My first forays into writing were writing fanfiction. The quick and dirty definition is that it is a fan-written story involving characters or setting of the original work. They are often posted to people’s blogs or to archives such as The Archive Of Our Own or FanFiction.net. I wrote fanfiction for twenty years, but I’ve been telling myself stories about missing scenes or making up little ‘what if’ scenarios in my head long before that. I no longer write fanfiction, but occasionally I do read some from various fandoms.
I’m sure some people are wondering why I’ve “wasted my time” writing fanfiction for the last twenty years, since I can’t publish it for money. (With the advent of Kindle Worlds, that is changing for better or for worse. That is another post.) I don’t see writing fanfiction as a waste of time. I wrote what is referred to as an alternate universe fanfic. Instead of sticking with a strict interpretation of the show’s universe, elements are added. For an example add magic to a police procedural. I spent time learning how to create rules for ‘my’ world, as well as create characters and plots. At the same time, I couldn’t stray far from the original show’s premise or characterization. It is a tricky tightrope to walk.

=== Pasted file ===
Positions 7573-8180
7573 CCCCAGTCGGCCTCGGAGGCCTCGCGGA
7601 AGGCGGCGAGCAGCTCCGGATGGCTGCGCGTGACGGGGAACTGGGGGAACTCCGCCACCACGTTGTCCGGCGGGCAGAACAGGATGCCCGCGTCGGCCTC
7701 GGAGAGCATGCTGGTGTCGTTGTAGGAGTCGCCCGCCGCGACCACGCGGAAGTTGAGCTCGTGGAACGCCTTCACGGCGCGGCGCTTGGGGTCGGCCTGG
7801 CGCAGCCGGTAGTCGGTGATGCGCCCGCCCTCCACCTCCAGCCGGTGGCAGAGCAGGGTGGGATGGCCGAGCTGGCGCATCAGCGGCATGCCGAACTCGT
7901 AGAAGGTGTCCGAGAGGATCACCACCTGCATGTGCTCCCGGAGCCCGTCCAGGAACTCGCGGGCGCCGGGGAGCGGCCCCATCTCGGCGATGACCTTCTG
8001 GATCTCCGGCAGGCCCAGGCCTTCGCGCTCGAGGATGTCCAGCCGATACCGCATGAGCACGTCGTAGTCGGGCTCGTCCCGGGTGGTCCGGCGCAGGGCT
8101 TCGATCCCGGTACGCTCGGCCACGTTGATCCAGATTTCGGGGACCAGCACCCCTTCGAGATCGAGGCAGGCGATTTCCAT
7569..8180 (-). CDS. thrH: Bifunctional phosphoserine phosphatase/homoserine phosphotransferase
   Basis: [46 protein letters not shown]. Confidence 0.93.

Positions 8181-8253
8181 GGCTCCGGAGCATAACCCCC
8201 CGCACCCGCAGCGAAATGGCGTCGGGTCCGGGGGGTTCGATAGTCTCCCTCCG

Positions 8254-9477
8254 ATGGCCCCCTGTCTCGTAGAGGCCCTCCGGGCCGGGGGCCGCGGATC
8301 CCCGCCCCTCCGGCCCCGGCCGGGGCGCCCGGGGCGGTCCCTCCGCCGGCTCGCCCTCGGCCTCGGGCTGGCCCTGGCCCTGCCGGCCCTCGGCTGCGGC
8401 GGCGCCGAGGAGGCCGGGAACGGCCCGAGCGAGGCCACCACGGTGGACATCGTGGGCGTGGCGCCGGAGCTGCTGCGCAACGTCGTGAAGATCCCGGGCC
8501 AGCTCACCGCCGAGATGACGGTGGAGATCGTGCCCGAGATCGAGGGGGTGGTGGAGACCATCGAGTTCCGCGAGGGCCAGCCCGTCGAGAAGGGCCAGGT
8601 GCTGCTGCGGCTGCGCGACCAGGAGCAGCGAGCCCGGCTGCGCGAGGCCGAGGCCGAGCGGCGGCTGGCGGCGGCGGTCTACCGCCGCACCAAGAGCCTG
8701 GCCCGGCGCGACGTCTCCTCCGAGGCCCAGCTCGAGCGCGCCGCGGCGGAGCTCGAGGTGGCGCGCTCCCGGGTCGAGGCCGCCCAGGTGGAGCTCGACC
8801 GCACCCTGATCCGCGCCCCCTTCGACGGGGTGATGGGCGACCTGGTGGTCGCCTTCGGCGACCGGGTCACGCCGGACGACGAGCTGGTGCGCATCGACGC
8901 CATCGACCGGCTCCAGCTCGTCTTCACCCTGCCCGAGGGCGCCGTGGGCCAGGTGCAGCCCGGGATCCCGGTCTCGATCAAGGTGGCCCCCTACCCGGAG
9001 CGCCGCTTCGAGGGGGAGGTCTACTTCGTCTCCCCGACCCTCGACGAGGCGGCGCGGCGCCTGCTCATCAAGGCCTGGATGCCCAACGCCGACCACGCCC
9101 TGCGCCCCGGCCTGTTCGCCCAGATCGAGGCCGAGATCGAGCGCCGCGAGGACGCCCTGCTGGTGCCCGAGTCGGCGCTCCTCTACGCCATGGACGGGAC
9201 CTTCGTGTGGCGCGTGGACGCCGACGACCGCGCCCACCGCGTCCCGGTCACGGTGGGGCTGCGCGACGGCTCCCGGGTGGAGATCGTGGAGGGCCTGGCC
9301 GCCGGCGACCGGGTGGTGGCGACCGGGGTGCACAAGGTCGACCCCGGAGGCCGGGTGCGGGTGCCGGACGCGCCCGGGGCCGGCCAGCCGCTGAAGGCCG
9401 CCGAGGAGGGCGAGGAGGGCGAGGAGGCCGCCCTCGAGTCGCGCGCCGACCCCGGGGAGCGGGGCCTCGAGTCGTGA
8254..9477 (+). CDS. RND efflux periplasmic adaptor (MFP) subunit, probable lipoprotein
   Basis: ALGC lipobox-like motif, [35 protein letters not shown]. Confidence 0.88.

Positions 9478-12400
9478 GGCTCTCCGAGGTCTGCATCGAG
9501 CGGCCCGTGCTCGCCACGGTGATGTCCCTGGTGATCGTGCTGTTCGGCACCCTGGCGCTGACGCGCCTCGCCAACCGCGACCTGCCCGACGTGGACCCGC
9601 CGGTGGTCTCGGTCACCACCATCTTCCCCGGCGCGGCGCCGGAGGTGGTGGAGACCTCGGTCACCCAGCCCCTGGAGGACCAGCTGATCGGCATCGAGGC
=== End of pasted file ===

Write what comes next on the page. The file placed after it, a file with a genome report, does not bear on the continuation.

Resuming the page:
There are also bad habits that I am in the process of breaking. Because my fanfic readers have at least passing familiarity with some aspect of the show, I could get away with short-hand descriptions of the setting. As an example, if I were writing in the Star Trek setting, I did not have to describe the bridge of the Enterprise beyond specifying if it was the NC-1701, A, B, C, D, or E. Once I say those words, the physical layout and design style of the conn, tactical station, science station, navigation all spring to mind. The compliment of crew members, tactical abilities, uniform styles, and the species of those on board are all implied. Canonical past events can be implied, or reminded of with a one sentence summary. What I remind myself is that I need to include those types of details and learn how to properly describe them. Otherwise, my setting, my plot, my action all takes place against a white wall.
My policy, at this point, is that I’m not going to erase what I’ve posted off the Internet. (As if anything can truly disappear once posted. But like I said earlier, that is another post.) I will not deny it’s mine if someone asks if I have written a specific story. But I am not going to go out of my way to promote it.
Do I plan on converting my fanfic into original fiction? At this time, the answer is no for stories that are on the Web. I have had people suggest I do so long before Fifty Shades of Grey became a phenomenon. Later on I may put in the research and rewrites that are required. I do have a story that has never left the confines of my hard drive that I am figuring out how to convert into something original. I’ll look harder at that once I have my first novel completed.